Thursday, April 16, 2020

Gee's First Law and First Equation of Water Management

Lake Mead helps supply water to 25 million people. And it just hit ...
Lake Mead

(Disclaimer: Views in this article are entirely my own and do not represent the views of my employer, my Aunt, or Your third cousin once removed. For good measure we better add, or anybody who is not named Nathaniel Gee and lives in Boulder City, that should cover it.)

Equation: C+C = C (Clean + Close = Cheap)

Law: There is never a shortage of water, only cheap water.

Every first grader is taught that water is extremely precious. They are told that less than 3% of the worlds water is fresh and most of that is stuck in glaciers (They made this sound like a bad thing when I was a kid, but they don't seem to be jumping for joy now that those glaciers are melting), so at the end of the day less than 1% of all the worlds water is accessible for us to drink. Oh no!

Play scary music as every little kid begins to worry about life without water, how long can 1% last us! You know when your children have this lecture at school because its the day they come home and yell at you for brushing your teeth, or doing the dishes. (Or at least that is what people who do such things told me). I remember coming home from school after the talk about the future of water, and just watching water come out of the faucet knowing, that at any moment, it was going to run dry.

But here I am thirty years later and it's still flowing. Of course, the reason is that there is ton of water on this planet. And as fast as we use it and pollute it, our wonderfully planet is cleaning and redistributing it. The world has been designed with the most ingenious system to clean and transport water, the other great thing you will learn about in first grade, the water cycle.

But if that is true, that our planet cleans and sends water back as fast as we use and pollute it, why do we always seem to be struggling for water. We are always fighting either having too much water or not enough. While this is a consistent battle, I want to focus on one side of that equation. The one that seems to prevail in the West, not enough water.

This is where we get the famous quote, "Whiskey is for drinking, Water is for fighting over." The west is famous for water fights. Arizona vs. California is a series of supreme court cases where Arizona sued California over water fights. It is actually at least 10 cases (that is how many times Arizona sued), but the most famous of these is the longest supreme court case in history. It was put to the court in 1952 and was not decided until 1964, 12 years later, and it is the basis for ongoing water negotiations today.

But the idea that there is ever a shortage of water is a fallacy. There is always water. After all, the world is 71% water. The thing that people want is cheap water. That is always the fight, who gets the cheap water. I can give a thousand examples, but the an obvious one is LA. LA has been party to many famous water battles. There was the successful plan, led by William Mulholland to get water out of the Owens Valley in the early 1900's. They were also one of the big drivers behind Hoover Dam and Parker Dam to get Colorado River Water. Did LA need more water? They are on the ocean. They don't need more water, but at the time they needed usable water. Why did they choose Owens Valley first? Because Mulholland figured out he could deliver Owens Valley water mostly by gravity to LA. That meant it was the cheapest alternative. Today LA could replace transported water with Ocean water but don't because they don't just want water, they want cheap water.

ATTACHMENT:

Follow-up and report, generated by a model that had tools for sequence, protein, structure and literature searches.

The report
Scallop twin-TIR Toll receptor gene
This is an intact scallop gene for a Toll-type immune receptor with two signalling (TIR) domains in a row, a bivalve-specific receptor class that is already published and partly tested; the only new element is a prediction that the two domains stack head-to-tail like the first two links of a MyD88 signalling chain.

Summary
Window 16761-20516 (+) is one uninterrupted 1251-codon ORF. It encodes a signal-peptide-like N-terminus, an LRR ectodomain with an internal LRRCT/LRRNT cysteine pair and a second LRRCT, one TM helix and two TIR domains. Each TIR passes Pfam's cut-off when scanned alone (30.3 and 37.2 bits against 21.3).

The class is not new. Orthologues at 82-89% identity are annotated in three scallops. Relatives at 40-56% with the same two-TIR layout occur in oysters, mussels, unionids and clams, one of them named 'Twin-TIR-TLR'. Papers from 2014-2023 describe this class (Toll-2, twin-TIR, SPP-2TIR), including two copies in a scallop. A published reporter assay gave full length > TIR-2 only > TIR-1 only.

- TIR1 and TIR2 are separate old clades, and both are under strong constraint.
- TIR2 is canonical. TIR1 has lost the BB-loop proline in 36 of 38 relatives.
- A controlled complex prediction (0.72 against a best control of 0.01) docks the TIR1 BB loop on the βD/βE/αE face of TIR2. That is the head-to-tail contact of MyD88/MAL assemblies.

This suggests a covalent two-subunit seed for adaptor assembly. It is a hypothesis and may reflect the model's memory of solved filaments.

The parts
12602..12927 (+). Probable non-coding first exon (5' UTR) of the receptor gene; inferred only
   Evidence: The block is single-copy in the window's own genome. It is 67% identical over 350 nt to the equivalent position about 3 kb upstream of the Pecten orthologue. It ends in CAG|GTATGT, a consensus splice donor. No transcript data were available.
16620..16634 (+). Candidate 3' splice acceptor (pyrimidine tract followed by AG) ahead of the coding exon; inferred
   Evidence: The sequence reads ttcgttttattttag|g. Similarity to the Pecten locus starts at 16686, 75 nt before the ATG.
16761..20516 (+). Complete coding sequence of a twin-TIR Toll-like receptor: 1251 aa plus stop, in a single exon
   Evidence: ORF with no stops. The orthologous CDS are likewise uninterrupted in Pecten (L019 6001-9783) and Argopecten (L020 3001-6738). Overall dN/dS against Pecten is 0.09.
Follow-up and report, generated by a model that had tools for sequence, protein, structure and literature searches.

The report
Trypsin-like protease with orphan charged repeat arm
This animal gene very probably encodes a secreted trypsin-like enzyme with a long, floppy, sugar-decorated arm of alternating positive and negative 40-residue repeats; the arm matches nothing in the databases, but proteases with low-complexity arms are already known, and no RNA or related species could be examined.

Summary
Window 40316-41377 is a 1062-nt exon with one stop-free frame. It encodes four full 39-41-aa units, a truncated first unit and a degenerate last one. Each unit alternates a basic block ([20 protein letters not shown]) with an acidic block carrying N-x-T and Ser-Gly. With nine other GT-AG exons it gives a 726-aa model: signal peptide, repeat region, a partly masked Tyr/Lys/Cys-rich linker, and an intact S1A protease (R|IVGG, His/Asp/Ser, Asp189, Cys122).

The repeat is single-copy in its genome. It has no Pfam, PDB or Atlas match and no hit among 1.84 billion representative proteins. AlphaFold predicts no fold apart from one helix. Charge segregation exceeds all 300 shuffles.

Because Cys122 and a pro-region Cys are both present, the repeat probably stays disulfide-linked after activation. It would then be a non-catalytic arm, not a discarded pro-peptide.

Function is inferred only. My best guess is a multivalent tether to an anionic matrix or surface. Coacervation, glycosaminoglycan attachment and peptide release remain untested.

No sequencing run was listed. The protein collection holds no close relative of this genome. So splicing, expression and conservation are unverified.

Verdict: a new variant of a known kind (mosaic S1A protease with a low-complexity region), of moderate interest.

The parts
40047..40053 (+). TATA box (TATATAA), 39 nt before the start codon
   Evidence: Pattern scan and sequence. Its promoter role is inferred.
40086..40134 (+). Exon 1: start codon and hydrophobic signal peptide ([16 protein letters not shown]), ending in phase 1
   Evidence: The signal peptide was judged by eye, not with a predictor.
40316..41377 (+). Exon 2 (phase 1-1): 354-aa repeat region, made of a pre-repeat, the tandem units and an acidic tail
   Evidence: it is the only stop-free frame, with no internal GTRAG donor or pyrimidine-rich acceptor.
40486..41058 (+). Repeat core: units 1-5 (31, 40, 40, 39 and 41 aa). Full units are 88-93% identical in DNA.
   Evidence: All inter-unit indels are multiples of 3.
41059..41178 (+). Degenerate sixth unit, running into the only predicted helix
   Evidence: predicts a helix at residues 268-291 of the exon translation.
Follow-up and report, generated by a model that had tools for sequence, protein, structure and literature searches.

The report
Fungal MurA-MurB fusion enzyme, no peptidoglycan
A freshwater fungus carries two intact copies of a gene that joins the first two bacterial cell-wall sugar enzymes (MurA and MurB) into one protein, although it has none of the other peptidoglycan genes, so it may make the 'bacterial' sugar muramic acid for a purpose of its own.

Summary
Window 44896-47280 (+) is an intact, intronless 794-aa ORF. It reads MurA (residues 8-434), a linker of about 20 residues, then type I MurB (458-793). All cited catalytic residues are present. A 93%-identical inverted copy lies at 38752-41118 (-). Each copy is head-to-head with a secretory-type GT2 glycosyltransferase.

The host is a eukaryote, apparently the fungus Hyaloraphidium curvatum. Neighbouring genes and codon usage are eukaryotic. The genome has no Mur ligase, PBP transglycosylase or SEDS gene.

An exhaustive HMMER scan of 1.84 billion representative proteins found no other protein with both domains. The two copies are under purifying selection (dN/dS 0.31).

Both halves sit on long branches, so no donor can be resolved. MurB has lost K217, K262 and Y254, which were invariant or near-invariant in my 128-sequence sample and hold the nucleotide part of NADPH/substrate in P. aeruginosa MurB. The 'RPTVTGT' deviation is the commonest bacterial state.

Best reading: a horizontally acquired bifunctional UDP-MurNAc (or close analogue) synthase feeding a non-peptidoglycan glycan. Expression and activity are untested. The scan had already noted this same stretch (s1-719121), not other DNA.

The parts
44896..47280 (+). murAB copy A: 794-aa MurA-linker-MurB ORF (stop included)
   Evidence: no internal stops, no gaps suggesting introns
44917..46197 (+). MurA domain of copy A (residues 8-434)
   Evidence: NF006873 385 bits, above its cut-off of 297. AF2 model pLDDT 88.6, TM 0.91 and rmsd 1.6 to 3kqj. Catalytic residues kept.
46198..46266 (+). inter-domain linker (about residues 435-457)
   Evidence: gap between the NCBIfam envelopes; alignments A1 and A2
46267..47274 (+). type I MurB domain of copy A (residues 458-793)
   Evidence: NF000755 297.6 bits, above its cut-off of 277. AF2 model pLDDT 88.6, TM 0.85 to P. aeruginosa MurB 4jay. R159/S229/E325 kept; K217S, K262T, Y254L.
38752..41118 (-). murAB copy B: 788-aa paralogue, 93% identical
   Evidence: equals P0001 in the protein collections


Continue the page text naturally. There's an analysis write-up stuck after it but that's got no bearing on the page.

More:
So again, the fight is for cheap water. Whenever you think there may be a water shortage, you look for what is the cheapest water you can get. There is always water if you are willing to pay for it. Which leads me to Gee's first law of water management: There is never a shortage of water, only cheap water.

So that leads into how do we define cheap water, and that is where we get Gee's first equation of water management.

Clean + Close = Cheap.  When you are looking for water you want water that is clean and close, because that is cheap. That is why historically the first source of water was always well water. Well water is one of the cleanest sources of water and it's right under your feet. The only cost is to bring it to the surface.

It's a simple equation but it does get more complex as you break it down. First if you look at close. Water is a wonderful fluid, and can easily be pumped and transported, but it requires energy and infrastructure to move it. It also needs to be moved both across land and over mountains, so you have to look at both vertical and horizontal distance it must travel from the source.

Clean, is the most complicated part of the formula. All forms of water treatment are not created equal. Surface water generally requires more treatment than ground water, and saline water requires very expensive treatment. It is easier to treat raw sewage, which you might consider more unclean, than ocean water. Why? it is very expensive to remove salts from water. That is why ultimately it is cheaper for LA to move surface water hundreds of miles rather than clean ocean water that is on their doorstep.

But despite the complexities the basics are easy, and good to remember. They are: there is never shortage of water only cheap water. And that when trying to find cheap water the equation is simple:
Clean + Close = Cheap.

Next up Gee's Second Law of Water Management

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